The UK Supreme Court handed down its much-anticipated decision in the Lloyd v Google LLC [2021] UKSC 50 case on 10 November 2021 restricting claimants’ ability to bring data privacy class actions in the UK under the (now repealed) Data Protection Act 1998 (DPA 1998). This decision will be persuasive (though not binding) with respect to similar class actions brought under the (in-force) UK General Data Protection Regulation and the Data Protection Act 2018 (collectively, the UK GDPR). This decision will not directly impact litigation brought under the EU General Data Protection Regulation in EU member states.

Key takeaways

  1. The Supreme Court determined that compensation under section 13 of the DPA 1998 may be awarded to affected individuals only where it is established that an individual has suffered damage (interpreted by the Supreme Court to mean material damages such as financial loss or mental distress) caused by a contravention of DPA 1998 by a data controller. Importantly, statutory infringement would not, in and of itself, constitute material damages for purpose of awarding compensation. Requiring claimants to prove that an infringement of DPA 1998, no matter how severe, has caused the claimant’s damage makes it more difficult for claimants to succeed in such claims.
  2. The Supreme Court suggested that it may be appropriate for claimants to bring bifurcated proceedings in similar cases in the future, i.e., to first bring a representative action to establish the defendant’s liability, and to then pursue individual claims for compensation. This type of two-stage approach will make such claims less appealing for both prospective claimants (given the increased cost to pursue individual, low value claims through to the second stage) and litigation funders (who may only obtain an award for damages following the second stage of litigation and now will have to prove the damage caused to each particular individual).
  3. Importantly, the Supreme Court’s decision was made under the now-repealed DPA 1998, and not the in-force UK GDPR. While the DPA 1998 is similar to the UK GDPR, there are potentially material differences in the statutory regimes. Therefore, while the Supreme Court’s decision will be persuasive with respect to similar class actions brought under the UK General Data Protection Regulation and the Data Protection Act 2018, it is unclear whether it would be formally binding with respect to such class actions.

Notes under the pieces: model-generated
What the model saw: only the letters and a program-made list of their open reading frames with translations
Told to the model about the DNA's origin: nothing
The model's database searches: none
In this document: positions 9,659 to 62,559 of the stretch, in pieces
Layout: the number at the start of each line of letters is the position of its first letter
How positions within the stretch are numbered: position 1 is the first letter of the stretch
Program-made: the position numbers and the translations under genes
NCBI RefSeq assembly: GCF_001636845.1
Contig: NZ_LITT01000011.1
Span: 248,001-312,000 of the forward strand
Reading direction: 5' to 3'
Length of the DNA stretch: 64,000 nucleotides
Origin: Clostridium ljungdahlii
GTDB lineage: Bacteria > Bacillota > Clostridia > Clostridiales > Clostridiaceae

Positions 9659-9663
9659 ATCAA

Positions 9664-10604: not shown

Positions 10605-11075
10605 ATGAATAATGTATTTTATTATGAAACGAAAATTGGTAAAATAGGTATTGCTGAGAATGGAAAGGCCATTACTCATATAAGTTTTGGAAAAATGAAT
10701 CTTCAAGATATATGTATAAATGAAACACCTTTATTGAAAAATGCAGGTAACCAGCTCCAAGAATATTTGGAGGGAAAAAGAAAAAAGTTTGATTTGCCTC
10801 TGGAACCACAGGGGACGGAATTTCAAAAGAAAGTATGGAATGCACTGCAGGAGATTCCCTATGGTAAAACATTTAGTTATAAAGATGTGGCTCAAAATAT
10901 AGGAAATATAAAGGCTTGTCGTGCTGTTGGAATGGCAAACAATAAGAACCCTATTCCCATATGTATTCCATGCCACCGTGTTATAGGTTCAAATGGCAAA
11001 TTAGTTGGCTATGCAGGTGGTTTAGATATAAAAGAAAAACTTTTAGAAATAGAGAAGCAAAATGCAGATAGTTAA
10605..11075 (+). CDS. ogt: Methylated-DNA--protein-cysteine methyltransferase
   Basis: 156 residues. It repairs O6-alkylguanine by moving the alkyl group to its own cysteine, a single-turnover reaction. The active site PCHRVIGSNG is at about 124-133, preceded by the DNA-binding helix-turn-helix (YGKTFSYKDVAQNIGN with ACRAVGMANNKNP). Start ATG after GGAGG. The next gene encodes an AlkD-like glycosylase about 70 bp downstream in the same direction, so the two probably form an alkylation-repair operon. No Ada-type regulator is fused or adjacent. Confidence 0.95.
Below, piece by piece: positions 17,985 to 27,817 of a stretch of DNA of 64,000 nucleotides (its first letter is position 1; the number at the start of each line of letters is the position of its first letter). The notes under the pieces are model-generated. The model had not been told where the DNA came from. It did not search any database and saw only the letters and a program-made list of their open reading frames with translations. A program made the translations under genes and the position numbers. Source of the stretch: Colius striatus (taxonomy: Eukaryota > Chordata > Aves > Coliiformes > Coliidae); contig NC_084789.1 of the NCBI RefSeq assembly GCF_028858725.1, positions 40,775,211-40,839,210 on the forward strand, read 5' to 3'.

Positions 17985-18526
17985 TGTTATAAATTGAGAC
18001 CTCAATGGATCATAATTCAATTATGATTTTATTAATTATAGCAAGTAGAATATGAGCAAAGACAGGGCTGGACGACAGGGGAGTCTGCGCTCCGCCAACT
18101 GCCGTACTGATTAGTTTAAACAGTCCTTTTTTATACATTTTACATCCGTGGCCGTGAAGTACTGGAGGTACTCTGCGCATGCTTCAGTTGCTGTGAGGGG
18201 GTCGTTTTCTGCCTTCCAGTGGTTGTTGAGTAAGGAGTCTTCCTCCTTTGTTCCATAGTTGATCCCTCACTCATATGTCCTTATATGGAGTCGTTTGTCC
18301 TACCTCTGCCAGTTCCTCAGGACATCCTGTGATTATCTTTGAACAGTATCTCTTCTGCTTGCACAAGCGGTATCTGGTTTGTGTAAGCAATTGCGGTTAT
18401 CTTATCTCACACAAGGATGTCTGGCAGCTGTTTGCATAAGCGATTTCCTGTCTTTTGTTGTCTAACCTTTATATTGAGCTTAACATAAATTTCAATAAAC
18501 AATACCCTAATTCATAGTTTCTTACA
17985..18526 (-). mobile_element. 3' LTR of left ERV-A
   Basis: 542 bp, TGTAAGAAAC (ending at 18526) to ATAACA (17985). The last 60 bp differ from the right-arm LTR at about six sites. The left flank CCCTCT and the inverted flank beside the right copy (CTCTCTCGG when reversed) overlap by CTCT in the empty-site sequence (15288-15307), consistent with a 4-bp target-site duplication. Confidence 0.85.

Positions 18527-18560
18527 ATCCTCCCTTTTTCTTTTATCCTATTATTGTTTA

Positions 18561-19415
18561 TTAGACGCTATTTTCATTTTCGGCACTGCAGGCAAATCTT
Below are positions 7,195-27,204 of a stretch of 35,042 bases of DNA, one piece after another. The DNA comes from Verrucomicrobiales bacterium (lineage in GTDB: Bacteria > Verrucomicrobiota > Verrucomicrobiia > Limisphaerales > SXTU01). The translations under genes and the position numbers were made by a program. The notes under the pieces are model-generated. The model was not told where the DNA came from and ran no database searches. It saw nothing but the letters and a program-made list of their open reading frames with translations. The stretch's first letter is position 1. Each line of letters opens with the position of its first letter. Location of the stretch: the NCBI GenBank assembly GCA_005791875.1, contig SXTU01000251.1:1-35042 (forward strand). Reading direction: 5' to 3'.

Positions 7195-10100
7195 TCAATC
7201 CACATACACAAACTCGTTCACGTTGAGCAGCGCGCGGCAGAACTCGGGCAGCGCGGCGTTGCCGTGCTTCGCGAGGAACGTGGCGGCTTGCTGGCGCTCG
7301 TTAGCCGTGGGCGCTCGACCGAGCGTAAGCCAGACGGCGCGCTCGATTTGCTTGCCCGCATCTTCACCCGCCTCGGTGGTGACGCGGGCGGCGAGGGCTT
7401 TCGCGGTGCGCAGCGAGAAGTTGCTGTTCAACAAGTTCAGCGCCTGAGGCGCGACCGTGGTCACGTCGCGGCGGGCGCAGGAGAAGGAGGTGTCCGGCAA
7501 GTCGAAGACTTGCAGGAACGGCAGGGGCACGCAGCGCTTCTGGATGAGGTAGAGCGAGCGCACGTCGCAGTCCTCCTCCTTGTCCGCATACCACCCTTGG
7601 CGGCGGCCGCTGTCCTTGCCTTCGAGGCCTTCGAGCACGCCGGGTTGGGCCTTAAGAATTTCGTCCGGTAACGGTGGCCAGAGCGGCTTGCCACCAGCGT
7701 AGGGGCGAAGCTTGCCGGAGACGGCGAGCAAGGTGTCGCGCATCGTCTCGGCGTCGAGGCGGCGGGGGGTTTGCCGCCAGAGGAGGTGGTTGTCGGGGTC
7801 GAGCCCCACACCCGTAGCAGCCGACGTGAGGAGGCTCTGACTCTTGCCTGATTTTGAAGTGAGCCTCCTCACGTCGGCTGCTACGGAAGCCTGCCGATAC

Overall, this decision will have wide-ranging consequences for the future of class actions in the UK in general, and in the data protection field in particular. In turn, this decision is likely to be welcomed by many businesses who may be potential defendants in data privacy litigation in the UK. Nonetheless businesses will need to be wary with respect to potential UK class actions under the UK GDPR.

Our in-depth analysis of the wider impact of the Supreme Court’s decision on the class action landscape in the UK will be published shortly.

Photo of Steven Baker Steven Baker

Steven Baker is a partner in the Litigation department and a member of the International Arbitration group. He has over 25 years of experience advising clients on complex, often multi-jurisdictional disputes in a wide range of industries, including asset management, technology, life sciences…

Steven Baker is a partner in the Litigation department and a member of the International Arbitration group. He has over 25 years of experience advising clients on complex, often multi-jurisdictional disputes in a wide range of industries, including asset management, technology, life sciences, financial services and defence sectors. He also has extensive experience advising upon and managing disputes for clients involving major technology or telecommunications projects and their financing, technology licensing and misappropriation of trade secrets.

Steven is ranked as a leading litigator for banking and financial services litigation in both Legal 500 and Chambers & Partners, who comment that “Steven is a tremendous litigator – he is very clever and efficient and handles multiple clients well” as well as being ”very thoughtful, very into the detail, but equally takes a very commercial stance”, “Very good at running complex commercial disputes, very bright and a pleasure to deal with” and “has a really good grasp of complex banking litigation.” He was named by Benchmark Litigation as its inaugural “UK Lawyer of the Year” in 2019 as well as a National Litigation Star (2019-2021). He was also designated a  Client Services All-Star by the BTI Consulting Group, which selects lawyers who “deliver outstanding legal skills and superior client services” based on interviews with legal corporate counsel at the world’s leading organizations.